The couple was friends with their Jewish neighbors, including those they later helped hide during World War II.
Operation “Reinhardt,” a program aimed at murdering all of the Jews in Germany-occupied Poland, began to be implemented in the Ulma family’s area of Poland in late July and early August 1942.
The Nazis began to deport the roughly 120 Jews in the Markowa area to a labor camp and extermination camp. Approximately 54 Jews in hiding were found and shot on Dec. 14, 1942. An additional 29 Jews continued to hide in Markowa, including the eight who found refuge with the Ulma family, likely beginning around December 1942.
Early on March 24, 1944, a Nazi patrol surrounded the home of Józef and Wiktoria Ulma on the outskirts of Markowa. They discovered the eight Jewish people hiding on the Ulma farm and executed them.
The Nazi police then killed 31-year-old Wiktoria, who was pregnant and in premature labor, and 44-year-old Józef outside their home. The Nazis then shot and killed Stanisława, 7; Barbara, 6; Władysław, 5; Franciszek, almost 4; Antoni, 2; and Maria, 1.
A new book, “Martyred and Blessed Together: The Extraordinary Story of the Ulma Family,” will be published Sept. 5.
You can find Day One of the “Novena to the Ulma Family” below:
Friday, 21st Week in Ordinary Time, Sept. 1, 2023
JESUS IS OUR BLESSING
“When he saw the crowds, he went up the mountain, and after he had sat down, his disciples came to him. He began to teach them” (Mt 5:1-2).
INTRODUCTION ABOUT THE MOST SACRED HEART OF JESUS
(Story continues below)
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In preparation for the fruitful experience of the beatification of the Ulma family on Sept. 10, for the nine consecutive days of the novena we will reflect on their path to the glory of heaven. For all Christians, this is the path of the Eight Beatitudes delivered by Jesus in the Sermon on the Mount (Mt 5:3-12). However, the martyrs of Markowa walked it to a heroic degree, which will be acknowledged by their solemn beatification. Thus, they will become genuine and living role models in the Church. During the novena, we will get to know this model and pray for the graces we need, so that we, too, following in the footsteps of the Ulma family, may persevere on our way to holiness.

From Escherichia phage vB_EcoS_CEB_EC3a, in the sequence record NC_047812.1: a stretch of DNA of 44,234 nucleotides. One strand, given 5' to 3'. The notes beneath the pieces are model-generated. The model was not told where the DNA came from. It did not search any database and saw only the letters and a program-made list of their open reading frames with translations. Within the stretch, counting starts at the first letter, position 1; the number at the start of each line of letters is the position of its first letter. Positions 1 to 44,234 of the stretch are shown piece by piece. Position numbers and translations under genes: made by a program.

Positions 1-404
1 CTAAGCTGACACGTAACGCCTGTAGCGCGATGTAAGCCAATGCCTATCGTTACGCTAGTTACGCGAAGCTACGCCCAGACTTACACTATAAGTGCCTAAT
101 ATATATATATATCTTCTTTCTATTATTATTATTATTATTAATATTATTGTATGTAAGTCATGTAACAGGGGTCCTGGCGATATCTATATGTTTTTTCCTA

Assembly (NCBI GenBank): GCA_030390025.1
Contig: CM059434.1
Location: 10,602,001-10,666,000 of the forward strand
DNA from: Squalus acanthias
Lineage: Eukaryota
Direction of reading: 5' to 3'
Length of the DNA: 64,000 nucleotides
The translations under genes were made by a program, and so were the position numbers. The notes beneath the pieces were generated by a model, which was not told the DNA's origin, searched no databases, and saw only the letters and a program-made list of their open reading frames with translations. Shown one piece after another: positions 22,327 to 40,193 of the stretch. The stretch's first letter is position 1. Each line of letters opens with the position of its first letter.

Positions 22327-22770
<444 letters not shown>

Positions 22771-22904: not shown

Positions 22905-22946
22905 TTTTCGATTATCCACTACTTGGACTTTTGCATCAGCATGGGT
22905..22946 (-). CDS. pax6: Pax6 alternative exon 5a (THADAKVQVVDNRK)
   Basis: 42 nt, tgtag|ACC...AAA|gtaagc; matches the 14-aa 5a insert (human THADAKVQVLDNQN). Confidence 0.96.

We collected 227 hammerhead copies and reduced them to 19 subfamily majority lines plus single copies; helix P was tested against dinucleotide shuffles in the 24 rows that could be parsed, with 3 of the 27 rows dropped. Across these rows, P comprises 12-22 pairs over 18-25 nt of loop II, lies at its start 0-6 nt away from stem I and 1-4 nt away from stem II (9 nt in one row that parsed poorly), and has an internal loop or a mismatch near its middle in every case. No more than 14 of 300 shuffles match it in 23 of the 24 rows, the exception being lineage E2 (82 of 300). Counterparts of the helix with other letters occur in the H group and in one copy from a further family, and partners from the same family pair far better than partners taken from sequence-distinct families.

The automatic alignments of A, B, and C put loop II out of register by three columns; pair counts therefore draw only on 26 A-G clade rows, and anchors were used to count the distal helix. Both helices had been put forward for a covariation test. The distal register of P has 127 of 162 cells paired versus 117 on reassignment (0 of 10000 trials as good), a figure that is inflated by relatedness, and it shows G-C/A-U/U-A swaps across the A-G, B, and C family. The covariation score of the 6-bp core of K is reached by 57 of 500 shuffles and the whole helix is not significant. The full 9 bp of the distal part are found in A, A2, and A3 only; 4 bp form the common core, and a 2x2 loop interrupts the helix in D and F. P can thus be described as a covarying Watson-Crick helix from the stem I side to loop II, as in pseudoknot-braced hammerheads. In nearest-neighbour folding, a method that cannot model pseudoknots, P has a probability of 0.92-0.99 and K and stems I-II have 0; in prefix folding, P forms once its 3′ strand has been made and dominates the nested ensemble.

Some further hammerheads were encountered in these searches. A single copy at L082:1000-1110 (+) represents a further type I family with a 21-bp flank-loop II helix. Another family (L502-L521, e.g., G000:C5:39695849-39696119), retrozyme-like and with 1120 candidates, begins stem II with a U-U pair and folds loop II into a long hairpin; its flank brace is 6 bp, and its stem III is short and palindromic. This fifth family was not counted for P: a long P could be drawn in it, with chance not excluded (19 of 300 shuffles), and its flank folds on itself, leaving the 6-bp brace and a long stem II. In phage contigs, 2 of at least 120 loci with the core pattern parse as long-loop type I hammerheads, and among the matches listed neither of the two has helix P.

We begin this novena on the first Friday of the month, gathering at the Most Sacred Heart of Jesus to renew and strengthen our relationship with our only Teacher and Lord through First Friday confession and holy Communion. This is because on our own, we are unable to advance on the path to holiness and toward full happiness in the glory of heaven. It is only in Jesus, the Incarnate Son of God, that we are granted access to the fullness of all God’s blessing. In him, as St. Paul indicates, “we do not lack any gift of grace” (1 Cor 1:7).
On the first day of the novena, let us desire especially the gift of God’s life and holiness. Let us open our minds and hearts to it, humbly acknowledging our weaknesses, sins, and negligence at the beginning of Holy Mass, so that we may obtain the salvation and sanctification we need from Jesus’ sacrifice.
FIRST FRIDAY DEVOTION
Personal prayer of holy Mass participants before the Blessed Sacrament guided by cues from the celebrant:
• Acknowledging in faith the presence of Jesus among us in the Blessed Sacrament, let us bless him and give thanks that in him and through him, like the Ulmas, we can experience God’s blessing, and that by the power of his Spirit we can grow in holiness and Christian perfection, overcoming the evil and sin that threaten us.
• As we pay homage to the heart of Jesus, let us apologize to him for any coldness toward him, for our ingratitude and forgetfulness. Let us thank him for all who worship the heart of Jesus, especially the martyrs from Markowa, whom the Church offers us as models to follow.